"We're playing God a little bit," Oxman says. "We're taking a bunch of environmental constraints and throwing them into computational software and letting the computer generate the form for us." It's biomimicry, but instead of aping nature's forms, she's trying to imitate its processes. One of her working metaphors is bone: The same rods of calcium phosphate grow stronger to support extra weight during pregnancy, or get slighter when astronauts spend time in zero gravity. For example, she's seeking a patent on a new kind of 3-D printer that can combine two materials in a single object -- and change material properties as it's printing, "as if you were printing your own bone structure and modifying the density of the bone to fit the structural load."


The combination of high concept and live, seductive forms makes it tempting to see Oxman's work as art. No less an authority than Paola Antonelli, a curator at the Museum of Modern Art who has acquired many of Oxman's pieces and included her in last year's Design and the Elastic Mind exhibit, says it's more than that: "What was amazing about this work is that it uses the computer to transform the secrets of nature into algorithms, and in a biomimetic way to try to use the same stratagems nature uses."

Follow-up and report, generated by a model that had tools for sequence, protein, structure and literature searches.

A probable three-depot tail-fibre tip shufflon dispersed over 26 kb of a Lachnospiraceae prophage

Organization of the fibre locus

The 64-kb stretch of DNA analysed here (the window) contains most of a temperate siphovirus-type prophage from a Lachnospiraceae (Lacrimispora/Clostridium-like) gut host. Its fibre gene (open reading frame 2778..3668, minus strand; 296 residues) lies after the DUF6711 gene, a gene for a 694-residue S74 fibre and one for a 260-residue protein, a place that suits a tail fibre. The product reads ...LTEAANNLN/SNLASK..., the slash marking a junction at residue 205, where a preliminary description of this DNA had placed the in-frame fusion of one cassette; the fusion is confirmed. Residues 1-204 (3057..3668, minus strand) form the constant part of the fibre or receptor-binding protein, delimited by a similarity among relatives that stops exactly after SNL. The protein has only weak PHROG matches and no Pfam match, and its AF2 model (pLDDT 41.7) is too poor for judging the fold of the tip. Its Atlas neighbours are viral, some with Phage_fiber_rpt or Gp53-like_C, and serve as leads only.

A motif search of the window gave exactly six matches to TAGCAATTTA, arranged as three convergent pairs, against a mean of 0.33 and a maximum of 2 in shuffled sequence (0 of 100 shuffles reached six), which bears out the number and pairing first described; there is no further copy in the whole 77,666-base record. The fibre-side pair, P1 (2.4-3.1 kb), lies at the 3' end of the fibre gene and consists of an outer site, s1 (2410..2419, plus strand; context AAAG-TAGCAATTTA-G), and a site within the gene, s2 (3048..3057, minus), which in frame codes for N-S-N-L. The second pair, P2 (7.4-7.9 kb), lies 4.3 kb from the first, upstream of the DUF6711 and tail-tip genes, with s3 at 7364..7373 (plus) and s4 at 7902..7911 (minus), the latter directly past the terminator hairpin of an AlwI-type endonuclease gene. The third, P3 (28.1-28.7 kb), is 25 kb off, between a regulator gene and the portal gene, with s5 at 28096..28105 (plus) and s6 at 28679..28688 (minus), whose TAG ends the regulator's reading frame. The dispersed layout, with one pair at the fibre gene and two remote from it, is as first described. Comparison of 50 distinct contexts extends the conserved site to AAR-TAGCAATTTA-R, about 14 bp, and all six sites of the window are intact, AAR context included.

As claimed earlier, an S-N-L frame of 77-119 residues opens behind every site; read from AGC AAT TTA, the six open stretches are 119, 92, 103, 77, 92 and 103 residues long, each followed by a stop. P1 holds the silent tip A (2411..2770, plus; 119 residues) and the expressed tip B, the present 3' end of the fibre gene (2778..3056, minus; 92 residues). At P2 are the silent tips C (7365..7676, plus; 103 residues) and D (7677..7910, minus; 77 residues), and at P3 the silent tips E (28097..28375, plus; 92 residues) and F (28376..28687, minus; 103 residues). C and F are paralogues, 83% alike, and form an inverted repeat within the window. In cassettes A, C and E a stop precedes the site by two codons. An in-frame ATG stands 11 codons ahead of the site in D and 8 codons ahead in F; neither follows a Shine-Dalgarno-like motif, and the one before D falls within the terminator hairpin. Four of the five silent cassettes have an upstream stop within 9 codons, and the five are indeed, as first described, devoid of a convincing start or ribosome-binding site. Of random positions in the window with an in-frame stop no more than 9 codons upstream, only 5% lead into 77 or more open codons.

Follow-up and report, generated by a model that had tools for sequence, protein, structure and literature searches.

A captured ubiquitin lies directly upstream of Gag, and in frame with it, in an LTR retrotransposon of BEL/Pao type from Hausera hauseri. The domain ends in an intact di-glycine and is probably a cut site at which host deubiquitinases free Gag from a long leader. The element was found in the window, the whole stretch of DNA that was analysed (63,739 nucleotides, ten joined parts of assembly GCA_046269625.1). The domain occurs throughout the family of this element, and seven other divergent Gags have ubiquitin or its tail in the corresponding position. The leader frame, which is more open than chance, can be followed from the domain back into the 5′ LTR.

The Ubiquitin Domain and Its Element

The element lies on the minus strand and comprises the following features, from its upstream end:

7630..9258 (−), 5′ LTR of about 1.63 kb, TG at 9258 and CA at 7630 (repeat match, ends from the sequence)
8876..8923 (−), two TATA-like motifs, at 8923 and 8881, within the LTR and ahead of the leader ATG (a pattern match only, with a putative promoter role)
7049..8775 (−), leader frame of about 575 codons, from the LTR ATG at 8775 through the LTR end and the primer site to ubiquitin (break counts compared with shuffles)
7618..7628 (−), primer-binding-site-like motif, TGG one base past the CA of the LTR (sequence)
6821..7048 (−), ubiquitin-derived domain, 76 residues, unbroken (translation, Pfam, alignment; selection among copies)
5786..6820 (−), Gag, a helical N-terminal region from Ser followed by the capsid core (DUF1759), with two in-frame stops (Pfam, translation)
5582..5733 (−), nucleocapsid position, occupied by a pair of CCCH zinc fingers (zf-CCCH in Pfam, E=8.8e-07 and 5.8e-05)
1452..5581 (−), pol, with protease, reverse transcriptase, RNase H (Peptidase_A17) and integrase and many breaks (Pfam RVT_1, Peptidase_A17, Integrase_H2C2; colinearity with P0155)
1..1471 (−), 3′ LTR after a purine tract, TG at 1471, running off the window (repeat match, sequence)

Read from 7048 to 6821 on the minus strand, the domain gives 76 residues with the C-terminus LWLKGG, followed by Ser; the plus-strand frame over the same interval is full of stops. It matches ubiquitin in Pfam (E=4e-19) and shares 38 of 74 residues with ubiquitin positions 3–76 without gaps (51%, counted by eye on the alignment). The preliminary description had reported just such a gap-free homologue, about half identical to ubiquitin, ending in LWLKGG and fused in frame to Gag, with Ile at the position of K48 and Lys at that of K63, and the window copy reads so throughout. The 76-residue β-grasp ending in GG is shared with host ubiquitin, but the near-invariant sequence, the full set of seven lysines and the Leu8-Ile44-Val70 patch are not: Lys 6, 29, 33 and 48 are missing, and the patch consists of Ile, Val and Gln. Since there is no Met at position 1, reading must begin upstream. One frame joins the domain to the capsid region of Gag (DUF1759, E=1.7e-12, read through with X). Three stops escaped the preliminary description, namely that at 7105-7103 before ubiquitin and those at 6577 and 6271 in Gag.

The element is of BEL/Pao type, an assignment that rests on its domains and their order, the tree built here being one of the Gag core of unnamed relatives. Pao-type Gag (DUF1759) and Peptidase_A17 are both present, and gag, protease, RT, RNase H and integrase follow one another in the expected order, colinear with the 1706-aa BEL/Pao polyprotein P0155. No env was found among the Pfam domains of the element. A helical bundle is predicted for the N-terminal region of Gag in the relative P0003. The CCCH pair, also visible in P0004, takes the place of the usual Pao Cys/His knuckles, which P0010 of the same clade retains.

Eventually, Oxman wants to have her own lab where she can oversee an interdisciplinary team in both research and practice. Her innovations are, after all, essentially computer-controlled manufacturing processes, so in some sense she needs to see her ideas play out on an industrial scale and in the marketplace. Still, she knows her work will always be a little out there. "I like to be on the edge because it makes me vulnerable. On the fringes, I think, is where disruptive innovation begins." -- from Fast Company by Anya Kamenetz



These two people represent a worldwide simultaneous shift in thought towards an integrated approach to design problem solving.  Currently design is done in parts that each accomplish a specific purpose and in the end they might be all encased in a glossy, curving exterior form.  Ms. Oxman, like Tom Wiscombe, uses a generative design process that refines the whole as individual parts are modified.  This process is evolutionary, constantly updating to an optimum structure and it uses the efficiencies developed in nature to construct complex adaptable forms from simple instructions.  Already, these early experiments have led to new solutions for the performance of built architecture.  Get ready for your house to evolve or breathe or walk.


Emergent Architecture / Dragonfly: http://www.emergentarchitecture.com/projects.php?id=13


Neri Oxman, Material Ecology: http://www.materialecology.com/


Design and the Elastic Mind interactive website: http://www.moma.org/interactives/exhibitions/2008/elasticmind/